When schools as we know them first started opening in the early 19th century, there was no artificial light source – just candlelight. Even in the 1960s, classrooms often only had one 3 pin plug at the front of the classroom, generally for the use of a vacuum cleaner after 3pm. However, in the modern-day classroom, staff and students are highly dependent on a pervasive, uninterrupted electricity supply. The massive growth of Information & Communications Technology (ICT) is now central in both the operation of a school and the student learning curriculum.
Whilst urban schools enjoy a reliability of electricity supply, there are still isolated schools that encounter power outages, a remote East Cape primary school recorded over 85 hours of power outages during 2018. In addition to this, many remote schools are seldom connected to the mains water supply, relying completely on harvested rainwater which is also dependent on electricity to operate pumps to all facilities. Schools can also be affected when the IT network and internet fails resulting in closure and all that this entails for travelling students.
Having managed several large energy efficiency projects in New Zealand schools, Torque IP researched and developed several potential solutions that would both provide a resilience of electricity supply. Two initiatives were trialed:
Photovoltaic and Storage Systems:
In keeping with New Zealand’s supply of electricity from renewable resources at around 80%, a solution was sought that would rely primarily on renewable energy. Torque IP focused on a solution that would utilise energy gained from the sun and developed a tailored solution utilizing an array of photovoltaic (PV) solar panels, paired with a small set of Lithium Iron Phosphate batteries.
This proposed solution was trialed at two primary schools in the far north region during September 2019 as part of a Ministry of Education pilot program. In the event of a power outage, the energy from solar panels and from the storage batteries would be diverted to critical services such as telecommunications equipment, the school water pump(s), UV water purification filters and to supply general socket outlets in designated areas.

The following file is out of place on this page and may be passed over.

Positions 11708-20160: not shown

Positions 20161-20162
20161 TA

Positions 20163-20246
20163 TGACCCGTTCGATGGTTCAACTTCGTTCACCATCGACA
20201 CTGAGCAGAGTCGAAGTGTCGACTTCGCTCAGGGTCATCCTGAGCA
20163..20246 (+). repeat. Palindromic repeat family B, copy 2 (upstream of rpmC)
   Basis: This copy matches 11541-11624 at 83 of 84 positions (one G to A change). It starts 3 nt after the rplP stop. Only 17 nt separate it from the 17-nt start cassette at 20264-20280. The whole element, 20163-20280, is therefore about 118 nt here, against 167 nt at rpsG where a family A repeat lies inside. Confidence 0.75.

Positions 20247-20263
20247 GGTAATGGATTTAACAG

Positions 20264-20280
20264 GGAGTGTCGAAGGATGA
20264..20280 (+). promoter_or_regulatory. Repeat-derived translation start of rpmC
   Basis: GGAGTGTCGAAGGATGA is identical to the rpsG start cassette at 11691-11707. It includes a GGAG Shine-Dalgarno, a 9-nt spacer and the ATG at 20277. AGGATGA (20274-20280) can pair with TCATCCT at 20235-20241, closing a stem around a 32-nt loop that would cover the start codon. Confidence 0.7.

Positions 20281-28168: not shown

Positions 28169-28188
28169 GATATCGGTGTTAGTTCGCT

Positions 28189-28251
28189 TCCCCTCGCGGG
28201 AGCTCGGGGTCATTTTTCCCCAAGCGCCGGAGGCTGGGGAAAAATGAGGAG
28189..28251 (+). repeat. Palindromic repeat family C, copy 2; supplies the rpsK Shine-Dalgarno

LPG Standby Generator:
Due to the geographical locations of some schools i.e. locations at the bottom of a valleys in remote hill country, the rooftops of these schools had limited exposure to direct sunlight. On this basis, a solar and energy storage solution was deemed non-viable. For these sites Torque IP researched other means of providing a resilience of the school electricity supply. One such means was the deployment of a standby generator.
A standby generator is a back-up electrical system that operates automatically within seconds of a power outage. On comparing the benefits and considerations of both diesel and LPG standby generators, it became quickly evident that the merits of an LPG powered generator would be a more suitable solution for very remote New Zealand schools. As a result, Torque IP procured and managed the deployment of a 15kW LPG standby generator at three trial sites.
Electrical systems at each site were configured in such a manner that the generator would support the school’s main ICT equipment, the water pump delivering the schools water supply, electrical lighting and socket outlets in key selected school spaces.
Torque IP was proud to be part of the pilot program with the Ministry of Education to deliver the best, most modern education possible.
Article by Mark Carter, ICT Consultant
Photograph's: Franz Josef Glacier School